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Charlottesville residents condemn community leaders’ response to rally at town hall

Numerous residents express discontent with town hall coordinators, arguments break out between attendees

<p>One of the attendees at Sunday's town hall.&nbsp;</p>

One of the attendees at Sunday's town hall. 

Hundreds of Charlottesville residents attended a town hall held Sunday where many voiced concerns about how local authorities handled the white nationalist “Unite the Right” rally on Aug. 12.  

“We are in pain,” said Charlene Green, who works with the city’s Office of Human Rights. “We are in a lot of pain, and we have seen lots of emotion. I think we will continue to see lots of emotion.”

Green opened the town hall, which was organized by the city and the Community Relations Services division of the U.S. Department of Justice. The event was held nearly two weeks after a tumultuous weekend in Charlottesville that resulted in three deaths and numerous injuries. 

When Suzanne Buchanan, a conciliation specialist with Community Relations Services, began the discussion portion of the town hall, attendees immediately expressed dissatisfaction with the representatives of CRS by booing her. 

One community member said many Charlottesville citizens feel dissatisfied with their leaders, particularly University President Teresa Sullivan and leaders in the federal government. 

“We don’t trust your boss, and we surely don’t trust your boss’s boss,” he said to Buchanan, claiming that people in Charlottesville do not trust the Department of Justice or Attorney General Jeff Sessions. 

Several community members also expressed dissatisfaction with local leaders such as Mayor Mike Signer and Chief of Police Al Thomas. 

One community member called for Signer’s resignation, claiming that Signer only represented the rich in Charlottesville. This same citizen also called for a “citizens’ review board” to help to evaluate problems that arise in the city.

Other attendees were not pleased by the press presence at the event. Robin Hoffman, the host of Charlottesville Public Access Television show “A Day A Minute,” condemned the invitation of the media to the town hall.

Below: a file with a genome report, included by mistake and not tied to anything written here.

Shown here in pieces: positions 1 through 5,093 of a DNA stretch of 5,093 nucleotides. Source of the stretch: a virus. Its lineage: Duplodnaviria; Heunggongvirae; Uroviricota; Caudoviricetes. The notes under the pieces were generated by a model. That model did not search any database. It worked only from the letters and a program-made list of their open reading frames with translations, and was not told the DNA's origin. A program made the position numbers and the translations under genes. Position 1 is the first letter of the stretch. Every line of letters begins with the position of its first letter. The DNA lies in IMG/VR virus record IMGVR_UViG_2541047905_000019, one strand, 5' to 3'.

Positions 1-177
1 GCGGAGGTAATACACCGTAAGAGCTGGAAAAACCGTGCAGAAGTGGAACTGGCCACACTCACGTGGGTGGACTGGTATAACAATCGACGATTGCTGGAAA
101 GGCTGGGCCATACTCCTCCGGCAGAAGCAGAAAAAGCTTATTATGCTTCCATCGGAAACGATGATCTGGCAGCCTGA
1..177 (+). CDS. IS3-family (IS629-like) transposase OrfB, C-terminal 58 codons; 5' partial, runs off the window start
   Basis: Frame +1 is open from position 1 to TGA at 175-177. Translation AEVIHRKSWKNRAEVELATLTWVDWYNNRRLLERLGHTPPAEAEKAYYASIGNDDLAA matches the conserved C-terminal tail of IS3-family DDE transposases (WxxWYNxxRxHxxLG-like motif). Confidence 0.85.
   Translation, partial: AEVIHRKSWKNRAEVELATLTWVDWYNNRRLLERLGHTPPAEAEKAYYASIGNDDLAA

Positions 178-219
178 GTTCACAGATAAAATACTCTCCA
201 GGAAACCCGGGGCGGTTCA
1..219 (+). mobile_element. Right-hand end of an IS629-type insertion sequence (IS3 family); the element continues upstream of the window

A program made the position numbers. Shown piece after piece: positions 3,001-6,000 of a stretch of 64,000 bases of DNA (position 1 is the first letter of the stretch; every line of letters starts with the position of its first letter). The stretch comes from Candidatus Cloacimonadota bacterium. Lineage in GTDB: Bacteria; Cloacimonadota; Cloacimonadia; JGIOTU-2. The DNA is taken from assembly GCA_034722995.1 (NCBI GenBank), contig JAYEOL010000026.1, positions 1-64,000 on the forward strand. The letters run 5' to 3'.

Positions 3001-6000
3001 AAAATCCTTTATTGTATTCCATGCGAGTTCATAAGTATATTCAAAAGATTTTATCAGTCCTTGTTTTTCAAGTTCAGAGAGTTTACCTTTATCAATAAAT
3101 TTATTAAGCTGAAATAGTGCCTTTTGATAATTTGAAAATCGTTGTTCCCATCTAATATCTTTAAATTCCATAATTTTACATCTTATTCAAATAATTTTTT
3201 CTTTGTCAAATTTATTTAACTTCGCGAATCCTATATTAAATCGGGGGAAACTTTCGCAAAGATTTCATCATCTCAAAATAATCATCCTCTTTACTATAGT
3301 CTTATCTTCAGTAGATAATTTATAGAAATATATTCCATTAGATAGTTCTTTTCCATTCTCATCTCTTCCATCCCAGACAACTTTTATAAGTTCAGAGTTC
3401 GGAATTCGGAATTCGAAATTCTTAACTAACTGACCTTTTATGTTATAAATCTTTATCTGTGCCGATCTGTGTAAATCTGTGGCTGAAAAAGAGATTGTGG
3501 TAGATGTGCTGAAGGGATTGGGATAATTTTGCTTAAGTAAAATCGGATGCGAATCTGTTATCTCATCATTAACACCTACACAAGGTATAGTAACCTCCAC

“Whoever decided to do that made a mistake,” Hoffman said. 

Some citizens said community leaders should not have given the white nationalist demonstrators a permit.

“One fear I have is, are we going to have another ‘free speech rally’ here?” said Carrie Schaffer, a Charlottesville resident.

Another community member said while nonresidents are responsible for much of the “Unite the Right” rally violence, the city did not handle the aftermath of the rally well. She said she believes initial work to install parking meters on Fourth Street following the rally was inappropriate. 

On Aug. 17, a city worker was spotted drilling holes to prepare for the installation of parking meters near a memorial to Heather Heyer at the intersection of Fourth Street and Water Street.

Heyer was killed in the Aug. 12 car attack that also left at least 35 injured. The site has since become a memorial of chalk drawings and flowers. 

City Manager Maurice Jones stopped the drilling work after residents complained. 

“It was a real stark reminder to me that our city has a lot of issues to work on,” she said. “It was a clear reminder that Charlottesville has its own house to clean.” 

City Council approved a pilot parking meters program for downtown in April 2016, and a six-month program is set to start Sept. 5. 

Much of the audience began to leave before the time planned for the town hall to end. Shortly thereafter, one attendee said while much of the audience had already left, the audience was not representative of the demographics of Charlottesville, implying that people of color in the community did not attend the town hall. Other attendees shouted that people of color in Charlottesville had been silenced.

Louisa, a witness to the Aug. 12 car attack, said people of color stayed home instead of attending the rally because they had been silenced by a “Summer of Hate.” Vice Mayor Wes Bellamy gave her a standing ovation. 

Near the end of the town hall, a community member alleged that Bellamy and other city councilors were pandering to minority voters when they voted to remove the Robert E. Lee statue, and then claimed those in favor of the removal of statue are sponsoring hatred. 

“You all hate,” he shouted when some in the audience disputed his claims.

Afterwards, a verbal conflict between him and another audience member erupted, but it was quickly dissolved by another community member. 

Buchanan attempted to end the town hall by asking audience members when another time to meet would be appropriate before other attendees began to speak. Some asked Bellamy questions about the validity of the structure of Charlottesville’s local government. 

The representatives of Community Relations Services then ended the town hall, noting that community leaders will work to address issues discussed at the town hall. Buchanan said the next recovery town hall will be in about two weeks.


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